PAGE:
The pace of cyberattacks directed against Ukraine has been unrelenting over the past 12 months. While attacks have been aimed at military targets — such as a widely condemned attack on Ukrainian satellite company Viasat early in the conflict that disrupted Ukrainian military communications — hackers are taking aim even more at critical utilities used in daily life.
More than 2,000 cyberattacks were aimed at Ukrainian organizations in 2022, according to statistics from Ukraine’s Computer Emergency Response Team provided to POLITICO. While more than 300 of these attacks were against the security and defense sector, more than 400 attacks targeted groups impacting civilian life, including organizations in the commercial, energy, financial, telecommunications and software sectors. More than 500 other attacks were aimed at government groups.
A recent report from Ukraine’s State Service of Special Communications and Information Protection found that while the pace of cyberattacks against Ukraine slowed overall between September and December of 2022, these attacks were increasingly aimed at public services and energy instead of military targets.
Moscow is attempting to make these attacks as psychologically difficult for Ukrainians as possible, insiders say. Microsoft warned in a December report that the Kremlin is coordinating cyberattacks and missile strikes on Ukrainian energy and water groups, and that these destructive cyberattacks may spread to countries, such as neighboring Poland, and private companies providing aid to Ukraine. These include organizations that provide humanitarian aid.
“Many of these attacks carried out were designed to affect the civilian populace rather than any military targets,” said John Hultquist, vice president of threat intelligence at cybersecurity company Mandiant, which has helped support Ukraine’s cyber defenses. “We think that some of these attempts, on power particularly, are done…to strike fear into every Ukrainian and really just up the psychological toll.”
Attacks have included an unsuccessful effort aimed at an electrical substation that would have disrupted power for millions of Ukrainians, an incident eerily similar to previous successful Russian-linked attacks in 2015 and 2016 that shut off the lights in portions of Ukraine. Those two earlier attacks both took place in the dead of winter, likely to cause maximum discomfort for Ukrainians, a tactic Russia is continuing to pursue during the current colder months.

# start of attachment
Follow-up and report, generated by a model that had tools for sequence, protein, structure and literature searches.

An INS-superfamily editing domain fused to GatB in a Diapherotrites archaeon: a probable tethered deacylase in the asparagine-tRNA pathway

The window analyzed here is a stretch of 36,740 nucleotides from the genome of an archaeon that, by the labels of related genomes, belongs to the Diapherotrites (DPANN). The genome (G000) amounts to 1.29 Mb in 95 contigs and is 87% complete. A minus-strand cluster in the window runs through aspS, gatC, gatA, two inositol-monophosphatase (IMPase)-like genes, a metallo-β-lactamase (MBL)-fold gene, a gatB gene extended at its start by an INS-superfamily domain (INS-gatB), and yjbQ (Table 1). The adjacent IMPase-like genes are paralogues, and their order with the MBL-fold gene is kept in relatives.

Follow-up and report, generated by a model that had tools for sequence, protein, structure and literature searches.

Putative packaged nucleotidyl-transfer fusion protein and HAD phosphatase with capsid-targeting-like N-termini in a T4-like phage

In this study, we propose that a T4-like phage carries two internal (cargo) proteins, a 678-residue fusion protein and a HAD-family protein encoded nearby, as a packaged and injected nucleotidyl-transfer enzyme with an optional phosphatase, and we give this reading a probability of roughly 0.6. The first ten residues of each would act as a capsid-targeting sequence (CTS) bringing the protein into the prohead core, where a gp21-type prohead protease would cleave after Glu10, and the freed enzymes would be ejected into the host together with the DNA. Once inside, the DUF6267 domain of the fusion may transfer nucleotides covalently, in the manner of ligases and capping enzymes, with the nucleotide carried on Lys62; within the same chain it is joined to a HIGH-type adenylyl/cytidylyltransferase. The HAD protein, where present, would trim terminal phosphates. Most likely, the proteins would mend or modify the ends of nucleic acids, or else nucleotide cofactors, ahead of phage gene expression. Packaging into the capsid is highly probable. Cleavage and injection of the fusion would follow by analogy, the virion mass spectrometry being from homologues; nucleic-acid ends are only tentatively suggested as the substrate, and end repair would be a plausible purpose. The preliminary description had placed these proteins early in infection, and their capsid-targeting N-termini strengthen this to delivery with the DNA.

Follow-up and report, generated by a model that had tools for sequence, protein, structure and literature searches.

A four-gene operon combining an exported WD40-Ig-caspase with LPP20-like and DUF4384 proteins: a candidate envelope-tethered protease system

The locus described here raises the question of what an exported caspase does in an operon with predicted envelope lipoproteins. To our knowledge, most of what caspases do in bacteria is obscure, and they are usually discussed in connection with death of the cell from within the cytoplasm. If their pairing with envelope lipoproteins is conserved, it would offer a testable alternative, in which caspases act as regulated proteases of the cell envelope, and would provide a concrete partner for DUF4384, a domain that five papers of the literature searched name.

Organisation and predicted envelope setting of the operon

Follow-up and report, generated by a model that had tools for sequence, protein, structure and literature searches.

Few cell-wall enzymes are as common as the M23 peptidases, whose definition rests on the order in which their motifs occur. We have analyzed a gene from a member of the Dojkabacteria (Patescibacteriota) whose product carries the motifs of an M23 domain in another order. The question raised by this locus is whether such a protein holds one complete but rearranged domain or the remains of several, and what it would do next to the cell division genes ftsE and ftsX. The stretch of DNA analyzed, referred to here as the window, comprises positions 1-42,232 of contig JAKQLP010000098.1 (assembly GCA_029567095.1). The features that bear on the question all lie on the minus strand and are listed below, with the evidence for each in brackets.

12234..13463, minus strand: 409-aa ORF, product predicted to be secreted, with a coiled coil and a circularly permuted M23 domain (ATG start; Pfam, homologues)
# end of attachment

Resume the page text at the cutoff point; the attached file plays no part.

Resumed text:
“We’ve seen the Russians target civilian infrastructure in unsuccessful attempts to undermine the Ukrainians’ will to fight,” Senate Intelligence Committee Chair Mark Warner (D-Va.) said in a statement provided to POLITICO.
Joyce said Russian hackers have successfully compromised groups in the emergency, transportation and communications sectors as well, and were targeting surveillance cameras to potentially inform troop movements. He stressed that while overall cyberattacks have not had the widespread impact predicted they would prior to the Russian invasion of Ukraine, this is not due to a lack of effort on Moscow’s part.
“We know they continue to try to gain access,” Joyce said.
Ukrainian officials are acutely aware of the increasing threats to civilians in cyberspace, and are working to defend against them. Hultquist noted that “Ukrainian defenders have been hyper-vigilant” at identifying and responding to intrusions, and pointed to this as a major factor in preventing many attacks.
These efforts have not, however, prevented Moscow from attempting to take down systems. Victor Zhora, deputy chair and chief digital transformation officer of Ukraine’s SSSCIP, said that the public sector is now attacked “twice as much” as the military sector.
“The key purposes of Russia’s hacking activity are espionage, misinformation and damaging critical infrastructure that impacts large amounts of population,” Zhora said in a lengthy statement provided to POLITICO. “Russia’s activities in Ukraine, their unprovoked aggression in cyberspace, has the same goals as their so-called ‘military strategy’ for Ukraine, i.e. terrorizing Ukrainian civilians.”
These cyberattacks are only likely to intensify as the conflict grinds on in 2023. Zhora said that “complex” attacks on power grid operators and electricity distributors were ongoing, and warned that Moscow is targeting less secure companies that provide software to critical infrastructure groups in order to gain backdoor access.
Joyce said the NSA is “always worried” about supply chain compromises, citing the example of the SolarWinds attack in 2020, in which Russian government hackers used a vulnerability in software to infiltrate the networks of over a dozen U.S. federal agencies for months. He stressed his concern that Moscow will only become more “brazen” in its cyberattacks aimed at civilians if the war does not go in its favor.
“[I’m] more and more concerned for the outcomes as they get more and more desperate,” Joyce said. “They will use all the different means at their disposal from kinetic through non-kinetic.”
Ukraine may not be the only target. Following the invasion last year, President Joe Biden warned of potential Russian cyberattacks not only on Ukraine, but on the networks of the U.S. and other Ukrainian allies, prompting a nationwide effort to strengthen critical systems. While no successful major Russian cyberattacks on the U.S. in retaliation for assisting Ukraine took place in 2022, the threat remains.
“We have not seen the Russians really seriously deploy the formidable cyber capabilities we know they have in an attempt to target the West in this conflict,” Warner said. “Should they do so, they need to know that we also have formidable cyber capabilities that could be used to respond.”
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